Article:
At the back of this café, there is a second bar, which is set up with a 2 gp Marzocco GB5 and a 2gp Linea. This bar is used for teaching and training. When we arrived the staff was preparing a coffee cupping class for staff and customers. This is a regular event and is free to the public. Russ was excited about this as he recently spent a week with Jeff Babcock the owner of Zoka while doing the Bolivian COE competition a few months back.
We cupped five new coffees being introduced in their café:
1. Ethiopian Yirgacheffe Organic Fairtrade
2. Rwanda UCAR – MIG Cup of Gold #5
3. Rwanda UCAF – MIG Cup of Gold #2
4. Nicaraguan Wiwili
5. Honduras Finca El Filo COE 2007 (not sure of the ranking)
While our group joined this cupping, we didn’t spend a lot of time analyzing the coffee due to our tight schedule and already over caffeinated blood stream. Five of the Zoka staff also joined us, and were led by Kim Cross who graciously encouraged us to join in.
Our favorite was the Yirgacheffe which gave a finish similar to peaches. Very clean sweet cup of coffee. Second favorite was the Rwanada #2 which had Green tea characteristics and an orange citrus acidity. Jeff was fortunate enough to join the Cup of Gold tasting competition this year with a select few other roasters (Stumptown, Allegro, being some others). Apparently this competition was a “trial for the upcoming first COE competition” being held this August 2008.
Zoka’s a great set up, a café with a very fun atmosphere.
5405 Leary Ave NW
Caffe Fiore is an independent café with three locations in Seattle and their coffee is supplied by Caffe Vita. The coffee the use is exclusively organic and is custom labeled for them, as Fiore. Fiore coffee is also available as a selection from Vita as wholesale or at their cafés.
At Fiore, the mill work, custom-made ceiling lights and back lit menu boards give this café a very high-end traditional look-classy not fussy. The plain brick walls and large windows warm up the atmosphere take advantage of the natural light from outside. When you look out the windows you see several hundred new condo’s under construction, which should make this café busier than it currently is. Café Fiore will become the neighborhood café for the residents of these new Ballard townhomes and condos.
We were greeted and served by a single employee Fiore employee, Linnea, who worked her butt off the entire time we were their preparing all drinks, collecting money and cleaning up. I was very impressed with the friendly attitude she had while doing this.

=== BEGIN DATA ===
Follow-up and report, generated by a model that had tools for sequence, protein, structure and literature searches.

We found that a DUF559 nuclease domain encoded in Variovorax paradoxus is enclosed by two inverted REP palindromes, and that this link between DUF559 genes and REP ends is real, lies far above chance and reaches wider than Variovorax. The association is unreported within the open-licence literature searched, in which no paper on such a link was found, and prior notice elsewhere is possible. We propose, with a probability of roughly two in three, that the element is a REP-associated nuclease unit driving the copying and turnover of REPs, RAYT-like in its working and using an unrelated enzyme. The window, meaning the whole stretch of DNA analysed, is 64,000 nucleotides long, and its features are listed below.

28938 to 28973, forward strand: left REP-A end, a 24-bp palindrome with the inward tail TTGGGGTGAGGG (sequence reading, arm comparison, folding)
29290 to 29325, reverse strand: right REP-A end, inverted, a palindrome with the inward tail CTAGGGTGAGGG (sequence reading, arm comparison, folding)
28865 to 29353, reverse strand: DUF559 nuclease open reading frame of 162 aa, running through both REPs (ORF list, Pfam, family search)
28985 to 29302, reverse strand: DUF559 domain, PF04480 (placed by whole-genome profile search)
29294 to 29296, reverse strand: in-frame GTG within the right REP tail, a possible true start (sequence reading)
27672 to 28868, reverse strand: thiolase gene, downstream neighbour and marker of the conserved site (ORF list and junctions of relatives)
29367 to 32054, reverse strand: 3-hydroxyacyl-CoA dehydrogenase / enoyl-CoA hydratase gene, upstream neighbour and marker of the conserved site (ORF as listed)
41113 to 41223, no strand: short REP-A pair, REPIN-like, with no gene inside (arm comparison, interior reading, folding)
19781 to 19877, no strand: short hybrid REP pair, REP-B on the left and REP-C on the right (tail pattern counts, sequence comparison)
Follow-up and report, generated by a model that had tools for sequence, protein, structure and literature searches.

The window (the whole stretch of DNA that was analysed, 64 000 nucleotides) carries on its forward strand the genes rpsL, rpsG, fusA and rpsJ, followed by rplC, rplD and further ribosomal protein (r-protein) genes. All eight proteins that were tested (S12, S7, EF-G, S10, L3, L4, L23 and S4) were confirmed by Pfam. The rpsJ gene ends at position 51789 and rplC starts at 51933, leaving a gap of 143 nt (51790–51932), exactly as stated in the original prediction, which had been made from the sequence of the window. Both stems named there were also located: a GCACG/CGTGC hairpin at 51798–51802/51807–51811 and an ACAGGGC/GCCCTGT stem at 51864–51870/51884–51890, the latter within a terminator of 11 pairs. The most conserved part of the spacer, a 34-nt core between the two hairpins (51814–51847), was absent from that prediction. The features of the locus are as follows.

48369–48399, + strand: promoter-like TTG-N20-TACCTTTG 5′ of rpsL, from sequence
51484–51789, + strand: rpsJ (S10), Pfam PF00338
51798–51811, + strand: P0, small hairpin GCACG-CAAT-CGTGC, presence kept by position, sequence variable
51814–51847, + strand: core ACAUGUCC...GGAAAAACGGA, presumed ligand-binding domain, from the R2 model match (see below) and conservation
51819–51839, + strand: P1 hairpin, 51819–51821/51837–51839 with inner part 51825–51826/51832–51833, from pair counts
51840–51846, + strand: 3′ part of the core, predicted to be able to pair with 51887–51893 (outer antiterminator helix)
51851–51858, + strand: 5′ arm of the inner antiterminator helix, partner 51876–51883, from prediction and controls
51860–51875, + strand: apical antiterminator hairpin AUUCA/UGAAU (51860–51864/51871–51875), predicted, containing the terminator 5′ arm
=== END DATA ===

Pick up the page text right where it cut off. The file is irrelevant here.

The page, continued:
On their bar is a 3gp La Marzoco Linea and 2 x Mazzer Rio espresso grinders. You will not find a coffee brewer here. Brewed coffee is prepared French Press style. This coffee is brewed, put into a thermal server and poured when required. Today they offered a Sumatran. Not a lot of information was given about the specific beans used, or farms from which they are sourced. All you are told is that it is an Organic Fair-trade product. We didn’t get to sample this coffee as most of us went for Americano’s, which were clean & sweet. The drink was well-prepared, but didn’t have a lot of body to it. The water used was also extremely hot (taken directly from the espresso machine). If the temperature was lower, and they used less water, it would have been a much better drink. The macchiato was also a little milky and wasn’t poured with a latte art.
Café Fiore also offers a small selection of food, Monin syrups (for flavoring your in-house beverage order) and Numi teas. The menu here is very simple, which is typical of all the great cafes we have been to. They do not clutter the walls, menu’s or tables with unnecessary marketing and POS material advertising specials and seasonal products. They focus on the same stuff each day and ensure they do a good job at that. Their to-go cups are plain white paper with a simple stamp of their logo. The only real “branding” was on their travel mugs.
Zeitgeist Coffee – (established 1997)
171 S. Jackson St.
The atmosphere in this café is great, bolstered by a location in the heart of Pioneer Square, Seattle’s oldest district. They have not done renovations for approximately 5 years, but it doesn’t show or even matter. They have created a timeless design, which should last for many years, a classic look. The 25ish high foot ceiling and massive windows gives the café an impression of being larger than it really is. The natural wood work and exposed brick give the impression that this café has been around for many more years than it actually has (11 years).
On their bar is a Linea 3 group EE and a GS 2 4 group. The GS machine is not a paddle version, though the GS 2 model was originally offered in a paddle version. Their La Marzocco paddle machine is off being refurbished, so the GS is a substitute. On the back bar is a dual Fetco brewer and two dual portion grinders for their regular coffee. Their coffee is roasted and private labeled by Hot Top Coffee roasters, however they say it is their own blends and roast profiles.